Party Monster

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The days of druggy, sexual excess in New York’s club scene are long past — or at least more on the down low than during the glittery ’70s and ’80s. While Gotham’s hedonism has been chronicled to death by the likes of Whit Stillman, it’s not until now that the club kid phenomenon has been captured so vividly. Party Monster spins the true-life tale of Michael Alig (Macaulay Culkin), who went from young, innocent, Midwestern gay kid to young, fabulous, drug-addled party promoter for the club Limelight. His only job was to exist so that others could flock to him and his parties, and he performed his task exceedingly well. Greed was good, and Alig was greedy indeed.

Word of Party Monster has been floating around for some time now as Culkin’s return to film favor. This is Mac’s first movie since 1994’s Richie Rich; in the meantime, he got married at 17 and separated at 19, watched his brother Kieran snap up plum adolescent roles, and matured into a man who looks like a little boy. It’s a look appropriate to Culkin’s character. There’s a disturbing symmetry between Culkin and Alig, both of whom shot to fame too fast, too soon and ended up famously burning out in the pages of People magazine. In the case of Culkin, his fame skidded to a halt as his parents fought over his millions, while Alig ended up in prison on a manslaughter conviction.

Alig’s total childishness prevents Culkin’s performance from reaching anything approaching great heights. But Seth Green, who plays Alig’s preening patron-cum-guidance counselor James St. James (whose chronicle of Alig’s exploits, Disco Bloodbath, provides the source material for the film), is practically a revelation — and would have achieved that in toto had the movie had any actual substance to it. Green disappears so completely into his role as an upper-class, Special K-freak drag queen that he actually makes us forget he was once the impossibly cute, sarcastically brooding Oz on Buffy the Vampire Slayer, delivering a performance that could easily out-Blanche DuBois Vivien Leigh.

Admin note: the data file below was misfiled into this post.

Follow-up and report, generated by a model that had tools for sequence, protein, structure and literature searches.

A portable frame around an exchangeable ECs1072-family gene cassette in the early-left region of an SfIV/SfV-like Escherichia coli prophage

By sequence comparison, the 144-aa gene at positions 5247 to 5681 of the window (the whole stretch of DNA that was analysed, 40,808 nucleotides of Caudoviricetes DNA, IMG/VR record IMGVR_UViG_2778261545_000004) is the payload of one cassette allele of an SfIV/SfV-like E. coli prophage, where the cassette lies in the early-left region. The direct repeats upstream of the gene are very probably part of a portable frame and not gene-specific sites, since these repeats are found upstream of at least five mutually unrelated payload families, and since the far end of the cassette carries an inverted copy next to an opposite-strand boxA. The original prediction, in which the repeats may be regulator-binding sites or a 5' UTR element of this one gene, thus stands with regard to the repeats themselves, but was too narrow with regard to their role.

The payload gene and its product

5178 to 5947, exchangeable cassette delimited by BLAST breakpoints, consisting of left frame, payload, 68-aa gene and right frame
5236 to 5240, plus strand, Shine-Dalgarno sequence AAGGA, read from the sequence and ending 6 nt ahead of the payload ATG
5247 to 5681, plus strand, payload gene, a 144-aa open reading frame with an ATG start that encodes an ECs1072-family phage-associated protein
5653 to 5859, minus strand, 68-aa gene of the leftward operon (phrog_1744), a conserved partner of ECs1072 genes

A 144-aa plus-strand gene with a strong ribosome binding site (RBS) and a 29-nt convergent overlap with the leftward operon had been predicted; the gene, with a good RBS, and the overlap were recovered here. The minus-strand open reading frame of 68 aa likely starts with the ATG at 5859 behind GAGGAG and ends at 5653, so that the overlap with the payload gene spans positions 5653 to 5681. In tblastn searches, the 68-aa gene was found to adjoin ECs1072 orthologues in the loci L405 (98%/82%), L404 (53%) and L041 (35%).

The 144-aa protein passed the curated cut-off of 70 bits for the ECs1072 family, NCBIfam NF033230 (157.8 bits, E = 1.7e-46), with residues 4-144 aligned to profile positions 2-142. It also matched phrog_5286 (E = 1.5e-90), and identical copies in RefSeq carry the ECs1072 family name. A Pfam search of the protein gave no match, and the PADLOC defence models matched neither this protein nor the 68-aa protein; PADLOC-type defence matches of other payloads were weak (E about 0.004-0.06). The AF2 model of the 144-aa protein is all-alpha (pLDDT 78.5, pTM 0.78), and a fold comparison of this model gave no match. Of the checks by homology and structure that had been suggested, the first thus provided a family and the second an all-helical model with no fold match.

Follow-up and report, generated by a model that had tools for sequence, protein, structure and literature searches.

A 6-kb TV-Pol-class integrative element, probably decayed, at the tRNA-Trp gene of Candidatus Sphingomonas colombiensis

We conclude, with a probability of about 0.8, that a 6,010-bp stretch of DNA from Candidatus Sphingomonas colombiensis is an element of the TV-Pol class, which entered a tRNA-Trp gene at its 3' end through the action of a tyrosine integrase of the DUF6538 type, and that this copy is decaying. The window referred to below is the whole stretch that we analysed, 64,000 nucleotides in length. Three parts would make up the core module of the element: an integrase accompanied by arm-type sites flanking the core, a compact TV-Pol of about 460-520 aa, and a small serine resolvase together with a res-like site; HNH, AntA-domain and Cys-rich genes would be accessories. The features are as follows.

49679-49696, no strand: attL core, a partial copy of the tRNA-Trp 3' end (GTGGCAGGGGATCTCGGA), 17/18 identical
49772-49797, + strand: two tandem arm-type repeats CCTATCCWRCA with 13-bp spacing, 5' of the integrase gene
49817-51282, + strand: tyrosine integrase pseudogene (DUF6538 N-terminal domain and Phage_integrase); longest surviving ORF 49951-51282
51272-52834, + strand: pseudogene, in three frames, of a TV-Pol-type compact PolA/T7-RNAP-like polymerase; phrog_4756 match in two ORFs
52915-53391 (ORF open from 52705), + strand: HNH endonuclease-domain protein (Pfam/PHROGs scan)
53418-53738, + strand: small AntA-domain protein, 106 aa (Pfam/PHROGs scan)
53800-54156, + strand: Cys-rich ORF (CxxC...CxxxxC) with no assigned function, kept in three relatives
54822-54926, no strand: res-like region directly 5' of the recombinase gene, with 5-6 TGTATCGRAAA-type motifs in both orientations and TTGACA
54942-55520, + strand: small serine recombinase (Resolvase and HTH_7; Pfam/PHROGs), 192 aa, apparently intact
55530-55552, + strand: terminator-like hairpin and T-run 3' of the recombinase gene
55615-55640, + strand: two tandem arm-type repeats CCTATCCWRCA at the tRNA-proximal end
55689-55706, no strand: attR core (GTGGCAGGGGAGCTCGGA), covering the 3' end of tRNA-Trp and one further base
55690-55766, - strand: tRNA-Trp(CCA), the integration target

Co-writers and -directors Fenton Bailey and Randy Barbato have worked together on several documentaries, including The Eyes of Tammy Faye and a nonfiction version of Party Monster. This is their first attempt at a movie with real actors, and they round up a good cast. Their script, however — despite several forays into delirious surrealism — is bound by reality, and there just isn’t that much interest you can drum up in watching Alig and his pals gobble drugs and don outrageous costumes. It’s meant to be something of a murder mystery, but there’s barely any mystery and very little murder. In the end, Party Monster is a victim of its subjects’ own excesses.

 

Showing exclusively at the Main Art Theatre (118 N. Main, Royal Oak). Call 248-263-2111.

Erin Podolsky writes about film for Metro Times. E-mail letters@metrotimes.com.

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